Formula One chairman Chase Carey is donating $1 million to set up a new foundation as part of an initiative to increase diversity in the sport.
Formula One said in a statement on Thursday that the foundation would finance primarily internships and apprenticeships for underrepresented groups.
"We fully recognise that Formula One needs to be more inclusive and diverse. While we set out our strategy last year to improve the position of our sport, we need, and want, to do more," Carey said.
"That is why we will establish a Task Force to listen and ensure the right initiatives are identified to increase diversity in Formula One.
"We want to ensure we give people from all backgrounds the best chances to work in Formula One regardless of their gender, ethnicity, sexual orientation, or physical abilities."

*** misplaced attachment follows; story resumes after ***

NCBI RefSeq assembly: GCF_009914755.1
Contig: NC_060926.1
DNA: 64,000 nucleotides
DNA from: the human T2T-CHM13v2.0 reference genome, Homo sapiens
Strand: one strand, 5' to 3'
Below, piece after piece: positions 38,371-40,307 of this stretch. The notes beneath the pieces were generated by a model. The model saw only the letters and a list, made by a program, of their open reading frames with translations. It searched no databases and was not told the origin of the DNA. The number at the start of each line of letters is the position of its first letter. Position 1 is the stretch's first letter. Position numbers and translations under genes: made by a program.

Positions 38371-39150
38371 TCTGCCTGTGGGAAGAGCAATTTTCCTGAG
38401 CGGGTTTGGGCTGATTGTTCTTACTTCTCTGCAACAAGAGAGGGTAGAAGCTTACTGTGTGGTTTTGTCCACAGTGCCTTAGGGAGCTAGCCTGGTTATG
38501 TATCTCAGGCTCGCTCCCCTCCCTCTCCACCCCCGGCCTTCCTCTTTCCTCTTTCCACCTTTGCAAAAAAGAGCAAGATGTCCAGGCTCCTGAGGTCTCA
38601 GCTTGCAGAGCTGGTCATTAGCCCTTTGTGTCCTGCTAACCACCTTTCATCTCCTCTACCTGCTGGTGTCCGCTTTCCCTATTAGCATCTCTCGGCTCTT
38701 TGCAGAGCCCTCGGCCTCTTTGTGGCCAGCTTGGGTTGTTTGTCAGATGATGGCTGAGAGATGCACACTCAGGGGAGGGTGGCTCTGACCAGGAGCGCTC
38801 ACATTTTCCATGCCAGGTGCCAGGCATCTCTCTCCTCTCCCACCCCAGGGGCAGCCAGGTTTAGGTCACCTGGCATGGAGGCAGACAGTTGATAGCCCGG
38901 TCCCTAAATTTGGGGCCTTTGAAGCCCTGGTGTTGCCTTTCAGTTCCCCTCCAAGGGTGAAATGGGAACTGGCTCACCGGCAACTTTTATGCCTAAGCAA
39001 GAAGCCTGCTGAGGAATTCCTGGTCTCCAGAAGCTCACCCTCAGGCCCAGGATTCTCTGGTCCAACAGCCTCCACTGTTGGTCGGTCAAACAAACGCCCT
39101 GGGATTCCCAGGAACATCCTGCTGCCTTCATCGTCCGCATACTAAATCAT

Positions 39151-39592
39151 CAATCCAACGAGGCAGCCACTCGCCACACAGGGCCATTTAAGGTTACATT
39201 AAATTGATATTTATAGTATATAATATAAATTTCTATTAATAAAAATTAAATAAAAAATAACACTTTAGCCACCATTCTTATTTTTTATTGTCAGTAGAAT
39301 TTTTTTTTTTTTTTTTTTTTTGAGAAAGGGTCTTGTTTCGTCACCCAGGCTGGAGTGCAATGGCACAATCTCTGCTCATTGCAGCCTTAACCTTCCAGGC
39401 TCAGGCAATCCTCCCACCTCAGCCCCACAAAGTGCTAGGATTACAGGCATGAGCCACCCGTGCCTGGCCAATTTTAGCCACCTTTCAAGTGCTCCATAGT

The plan, in partnership with the governing FIA, also aims to promote driver diversity by "identifying and systematically eliminating" barriers to entry. Six-time world champion Lewis Hamilton, the sport's first Black champion and whose paternal grandparents came to Britain from the Caribbean, has been critical of the lack of diversity around him.
The British driver has also called out his sport's initial silence over the killing of George Floyd, an unarmed Black man who died in Minneapolis after a white U.S. police officer knelt on his neck for nearly eight minutes last month.
Last week, Hamilton, who drives for Mercedes, announced his own commission to help motorsport engage more young people from Black backgrounds.
"When I look back in 20 years, I want to see the sport that gave a shy, working-class Black kid from Stevenage so much opportunity become as diverse as the complex and multicultural world we live in," he said then.
Formula One, owned by U.S.-based Liberty Media, announced a diversity and equality task force on Monday.